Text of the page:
The greatest challenge for all of us in HR is that we’ve designed tools that seem disconnected from the real world.
Competencies is a great example. We define leadership with so many qualities that an individual person is supposed to have, when that person clearly does not exist. Which means that almost immediately, every competency model reveals that HR is out of step with the real world.
The once-a-year goal alignment tool is another great example: Everyone in the real world knows that the goals you choose at the beginning of the year are irrelevant by the second week. Goals shift so fast in response to real conditions that any goals aligned to strategic priorities are simply an illusion to make somebody at the top of the company feel as though they have a mechanism to control work in the real world. To the people in the trenches, pretending that goals are static makes them think we’re asking them to join a fantasy world.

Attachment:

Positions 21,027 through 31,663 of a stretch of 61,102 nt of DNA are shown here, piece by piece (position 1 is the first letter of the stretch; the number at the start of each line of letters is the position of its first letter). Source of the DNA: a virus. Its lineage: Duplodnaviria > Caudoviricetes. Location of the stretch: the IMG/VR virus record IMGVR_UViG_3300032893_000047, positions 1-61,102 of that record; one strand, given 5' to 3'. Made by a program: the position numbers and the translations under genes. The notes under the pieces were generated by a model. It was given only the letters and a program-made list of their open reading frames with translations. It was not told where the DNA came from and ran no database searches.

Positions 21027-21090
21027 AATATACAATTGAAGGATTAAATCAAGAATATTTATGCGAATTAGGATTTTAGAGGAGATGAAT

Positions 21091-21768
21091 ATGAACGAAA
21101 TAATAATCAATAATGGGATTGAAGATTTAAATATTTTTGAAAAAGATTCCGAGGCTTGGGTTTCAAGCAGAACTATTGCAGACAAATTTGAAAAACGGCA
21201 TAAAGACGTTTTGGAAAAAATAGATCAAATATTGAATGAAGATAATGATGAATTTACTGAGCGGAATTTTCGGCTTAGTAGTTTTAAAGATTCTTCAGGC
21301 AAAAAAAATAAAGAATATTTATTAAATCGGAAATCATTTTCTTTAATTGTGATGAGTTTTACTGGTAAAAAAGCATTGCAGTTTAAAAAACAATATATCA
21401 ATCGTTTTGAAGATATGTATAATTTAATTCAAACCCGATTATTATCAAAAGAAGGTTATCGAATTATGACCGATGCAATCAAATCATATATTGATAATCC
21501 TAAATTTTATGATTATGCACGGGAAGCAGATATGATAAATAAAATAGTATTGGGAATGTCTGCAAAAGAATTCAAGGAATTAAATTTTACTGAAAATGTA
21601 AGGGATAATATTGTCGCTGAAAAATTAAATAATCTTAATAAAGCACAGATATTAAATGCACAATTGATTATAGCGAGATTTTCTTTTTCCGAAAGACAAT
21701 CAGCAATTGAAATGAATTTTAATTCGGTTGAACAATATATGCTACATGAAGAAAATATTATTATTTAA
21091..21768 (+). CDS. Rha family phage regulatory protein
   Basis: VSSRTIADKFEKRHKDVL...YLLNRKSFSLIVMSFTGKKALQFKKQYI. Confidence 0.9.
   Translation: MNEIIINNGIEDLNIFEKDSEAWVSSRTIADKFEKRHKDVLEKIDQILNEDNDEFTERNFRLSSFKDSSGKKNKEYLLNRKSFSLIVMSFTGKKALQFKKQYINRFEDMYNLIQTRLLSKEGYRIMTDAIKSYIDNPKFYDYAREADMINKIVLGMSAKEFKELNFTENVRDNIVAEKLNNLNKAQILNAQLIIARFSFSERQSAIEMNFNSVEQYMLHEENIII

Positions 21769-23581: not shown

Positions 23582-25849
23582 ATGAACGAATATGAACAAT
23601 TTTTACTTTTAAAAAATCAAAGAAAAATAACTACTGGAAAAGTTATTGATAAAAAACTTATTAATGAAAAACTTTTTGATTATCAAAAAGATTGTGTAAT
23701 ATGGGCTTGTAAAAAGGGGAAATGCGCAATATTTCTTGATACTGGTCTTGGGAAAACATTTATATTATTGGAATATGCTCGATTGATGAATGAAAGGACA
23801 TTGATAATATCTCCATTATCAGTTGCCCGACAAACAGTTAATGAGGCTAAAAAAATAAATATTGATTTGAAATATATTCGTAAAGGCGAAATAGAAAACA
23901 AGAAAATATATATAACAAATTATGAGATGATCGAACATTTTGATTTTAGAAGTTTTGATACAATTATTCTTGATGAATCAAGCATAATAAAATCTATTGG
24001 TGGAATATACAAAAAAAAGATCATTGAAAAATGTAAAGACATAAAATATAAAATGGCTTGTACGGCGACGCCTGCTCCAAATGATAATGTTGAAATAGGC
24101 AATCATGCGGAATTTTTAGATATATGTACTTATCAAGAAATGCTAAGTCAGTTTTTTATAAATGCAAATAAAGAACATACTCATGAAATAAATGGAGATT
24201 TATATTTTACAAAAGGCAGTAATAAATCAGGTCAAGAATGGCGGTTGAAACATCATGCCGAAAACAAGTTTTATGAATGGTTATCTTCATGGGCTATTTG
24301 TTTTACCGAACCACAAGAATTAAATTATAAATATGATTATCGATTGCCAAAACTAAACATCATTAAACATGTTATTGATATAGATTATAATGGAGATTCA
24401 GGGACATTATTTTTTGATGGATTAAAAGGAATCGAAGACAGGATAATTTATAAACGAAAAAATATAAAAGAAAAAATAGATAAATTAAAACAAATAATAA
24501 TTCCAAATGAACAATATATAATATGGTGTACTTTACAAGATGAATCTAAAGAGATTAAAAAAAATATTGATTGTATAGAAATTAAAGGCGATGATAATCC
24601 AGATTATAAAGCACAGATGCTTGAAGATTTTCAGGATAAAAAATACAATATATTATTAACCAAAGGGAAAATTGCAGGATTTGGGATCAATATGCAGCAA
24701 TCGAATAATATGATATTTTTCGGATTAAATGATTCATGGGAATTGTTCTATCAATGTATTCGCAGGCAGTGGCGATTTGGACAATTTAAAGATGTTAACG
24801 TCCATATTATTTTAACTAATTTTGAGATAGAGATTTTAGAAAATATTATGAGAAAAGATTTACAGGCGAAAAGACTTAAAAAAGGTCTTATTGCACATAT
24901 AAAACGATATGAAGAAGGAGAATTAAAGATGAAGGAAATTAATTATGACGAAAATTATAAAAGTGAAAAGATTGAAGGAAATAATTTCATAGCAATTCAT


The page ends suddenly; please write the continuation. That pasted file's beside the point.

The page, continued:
Static teams are equally unhelpful: work gets done by agile, dynamic teams that are constantly changing, so looking at engagement feedback for the static teams arbitrarily listed on org charts is irrelevant. It’s from a parallel universe that doesn’t match the reality of teaming going on in the organization.
We in HR have designed systems for a parallel universe, a world that’s irrelevant to the real challenges that a team leader and a team member face. The biggest challenge for all of us in HR is to get real. Have the team leaders talk to their team members about near-term future work.
We can only build highly productive organizations if we build tools and training for real people on real teams doing real work in real time.